SpaceChain today reported it has completed the first Qtum – a hybrid Bitcoin and Ethereum blockchain platform – transaction in space.

The blockchain and space startup aims to build the world’s first open-source satellite network that runs on blockchain nodes that are housed in CubeSats.

During the test, the node’s signal was detected and transaction data was uploaded to the node to complete the signature.

This signal was then downloaded via SpaceChain’s groundstation, before it was verified on the blockchain network. You can see details of the 340-byte transaction for yourself here.

Why blockchain in space?

SpaceChain says the key benefit of a blockchain satellite network is extra security. While blockchain is often lauded for its (almost) immutable ledger, the servers on Earth that host blockchain technology can be vulnerable to hacking.

And space nodes will also be safe from internet kill switches or governments that are against blockchain technology.

Presumably, the only dangers the nodes will face are solar flares and space debris – but considering CubeSats measure just 10x10x10 cms, the latter is unlikely.

SpaceChain co-founder and chief technology officer Jeff Garzik said that SpaceChain could also have cybersecurity benefits for the blockchain industry.

“This multi-signature cold wallet service – an application developed by SpaceChain engineers to test the space node – shows proof of technology of being a potential cybersecurity solution for the blockchain industry,” he said.

“SpaceChain deployed and tested the space-based multi-signature transaction which opens up brand new possibilities in space security models.”

The company adds that it could improve blockchain-based supply chains by providing additional satellite coverage to more remote areas of the world.

However, with just two nodes currently in space, SpaceChain is a long way from being able to provide this level of coverage.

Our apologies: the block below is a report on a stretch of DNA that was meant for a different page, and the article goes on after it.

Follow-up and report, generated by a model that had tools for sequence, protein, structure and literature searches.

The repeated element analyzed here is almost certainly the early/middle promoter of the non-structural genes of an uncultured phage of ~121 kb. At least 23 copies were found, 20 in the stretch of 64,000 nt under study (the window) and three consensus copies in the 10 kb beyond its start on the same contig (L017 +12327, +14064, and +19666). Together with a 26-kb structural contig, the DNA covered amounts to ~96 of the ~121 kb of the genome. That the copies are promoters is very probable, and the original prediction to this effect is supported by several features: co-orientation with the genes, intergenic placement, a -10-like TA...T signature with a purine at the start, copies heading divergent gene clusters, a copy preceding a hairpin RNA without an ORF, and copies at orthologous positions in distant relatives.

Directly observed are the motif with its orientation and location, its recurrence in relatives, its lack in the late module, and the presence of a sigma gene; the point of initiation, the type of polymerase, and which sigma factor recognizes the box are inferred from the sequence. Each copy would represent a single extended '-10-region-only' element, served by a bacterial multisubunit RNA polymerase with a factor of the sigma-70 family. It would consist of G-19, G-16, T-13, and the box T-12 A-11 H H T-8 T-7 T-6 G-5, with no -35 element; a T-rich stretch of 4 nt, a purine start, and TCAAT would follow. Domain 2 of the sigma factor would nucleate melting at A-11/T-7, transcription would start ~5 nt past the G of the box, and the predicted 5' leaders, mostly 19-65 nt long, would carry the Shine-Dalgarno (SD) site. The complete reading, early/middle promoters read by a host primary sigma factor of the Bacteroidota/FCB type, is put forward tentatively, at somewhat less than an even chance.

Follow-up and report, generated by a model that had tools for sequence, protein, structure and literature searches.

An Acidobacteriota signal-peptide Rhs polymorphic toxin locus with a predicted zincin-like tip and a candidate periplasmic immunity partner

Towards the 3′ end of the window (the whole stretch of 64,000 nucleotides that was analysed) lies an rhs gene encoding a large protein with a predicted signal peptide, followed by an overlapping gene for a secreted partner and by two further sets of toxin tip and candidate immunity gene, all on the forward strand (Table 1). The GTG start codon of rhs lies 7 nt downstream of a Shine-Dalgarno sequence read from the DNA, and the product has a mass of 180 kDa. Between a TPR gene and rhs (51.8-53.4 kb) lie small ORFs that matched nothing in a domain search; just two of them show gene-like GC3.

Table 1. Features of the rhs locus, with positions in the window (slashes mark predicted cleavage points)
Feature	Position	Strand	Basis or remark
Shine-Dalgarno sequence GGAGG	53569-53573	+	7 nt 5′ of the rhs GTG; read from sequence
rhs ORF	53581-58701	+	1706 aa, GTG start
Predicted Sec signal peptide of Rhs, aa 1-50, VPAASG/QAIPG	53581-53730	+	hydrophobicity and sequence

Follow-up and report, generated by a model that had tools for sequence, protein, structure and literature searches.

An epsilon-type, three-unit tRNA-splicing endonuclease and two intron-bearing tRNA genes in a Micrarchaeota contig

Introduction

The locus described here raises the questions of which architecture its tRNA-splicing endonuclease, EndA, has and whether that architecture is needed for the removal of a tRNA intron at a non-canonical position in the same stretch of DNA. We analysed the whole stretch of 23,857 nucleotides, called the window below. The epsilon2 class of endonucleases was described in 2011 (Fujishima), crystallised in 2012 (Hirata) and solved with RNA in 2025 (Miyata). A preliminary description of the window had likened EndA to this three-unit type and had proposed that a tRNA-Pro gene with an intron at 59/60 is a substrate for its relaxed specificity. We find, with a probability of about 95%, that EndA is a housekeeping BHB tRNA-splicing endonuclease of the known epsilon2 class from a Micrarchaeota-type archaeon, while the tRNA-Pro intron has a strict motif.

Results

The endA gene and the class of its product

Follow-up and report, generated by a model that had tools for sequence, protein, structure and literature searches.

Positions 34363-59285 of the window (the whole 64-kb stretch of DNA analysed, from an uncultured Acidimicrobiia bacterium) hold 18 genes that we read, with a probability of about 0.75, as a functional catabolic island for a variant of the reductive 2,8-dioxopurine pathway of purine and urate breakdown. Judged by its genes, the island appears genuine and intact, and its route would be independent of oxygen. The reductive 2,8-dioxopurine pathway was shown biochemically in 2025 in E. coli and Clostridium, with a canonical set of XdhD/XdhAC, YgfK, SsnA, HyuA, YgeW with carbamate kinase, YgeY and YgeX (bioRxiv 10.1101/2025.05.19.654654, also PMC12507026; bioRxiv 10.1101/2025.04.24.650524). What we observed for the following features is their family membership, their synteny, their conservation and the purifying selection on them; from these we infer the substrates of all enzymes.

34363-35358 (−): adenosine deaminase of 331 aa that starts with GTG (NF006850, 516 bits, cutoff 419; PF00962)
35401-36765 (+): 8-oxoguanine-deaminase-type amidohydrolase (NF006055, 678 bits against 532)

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Why Qtum?

By combining the Bitcoin and Ethereum platforms, Qtum (pronounced quantum) leverages Bitcoin’s value-storing capabilities on Ethereum’s smart-contract platform.

SpaceChain’s node is embedded with its smart operating system, SpaceChain OS. It can perform functions such as running smart contracts and multi-signature.

The node was launched into space on 25 October 2018 after hitching a ride on a CZ-4B Y34 rocket from Taiyuan Satellite Launch Centre, Xinzhou, China.

It follows SpaceChain’s first blockchain node launch on 2 February 2018. While it could process existing blockchain data, it remained offline and so could not process new transactions.

The blockchain space race

Though blockchain is yet to colonise the Earth, it is already making ventures into space.

In April 2018, for example, NASA awarded a $330,000 grant for the development of an autonomous blockchain-based spacecraft.

NASA’s EU equivalent, the ESA, has also been exploring how blockchain could benefit some of its administrative processes on Earth.

And there are some companies that believe blockchain has the potential to democratise space exploration, with startup SpaceBit promoting the tokenisation of commercial space missions.

Many of these projects, including SpaceChain, are some way off full fruition, though.

“It often takes months and years to build the system and to launch hardware into space as there is a need to secure the launch opportunity, obtain permissions, get the frequency and ensure there is ground station support,” said SpaceChain co-founder and chief executive officer Zee Zheng.

“We are proud to have launched two nodes in our first year of operations, bringing us one step closer to creating a network of blockchain-based satellites in space.”


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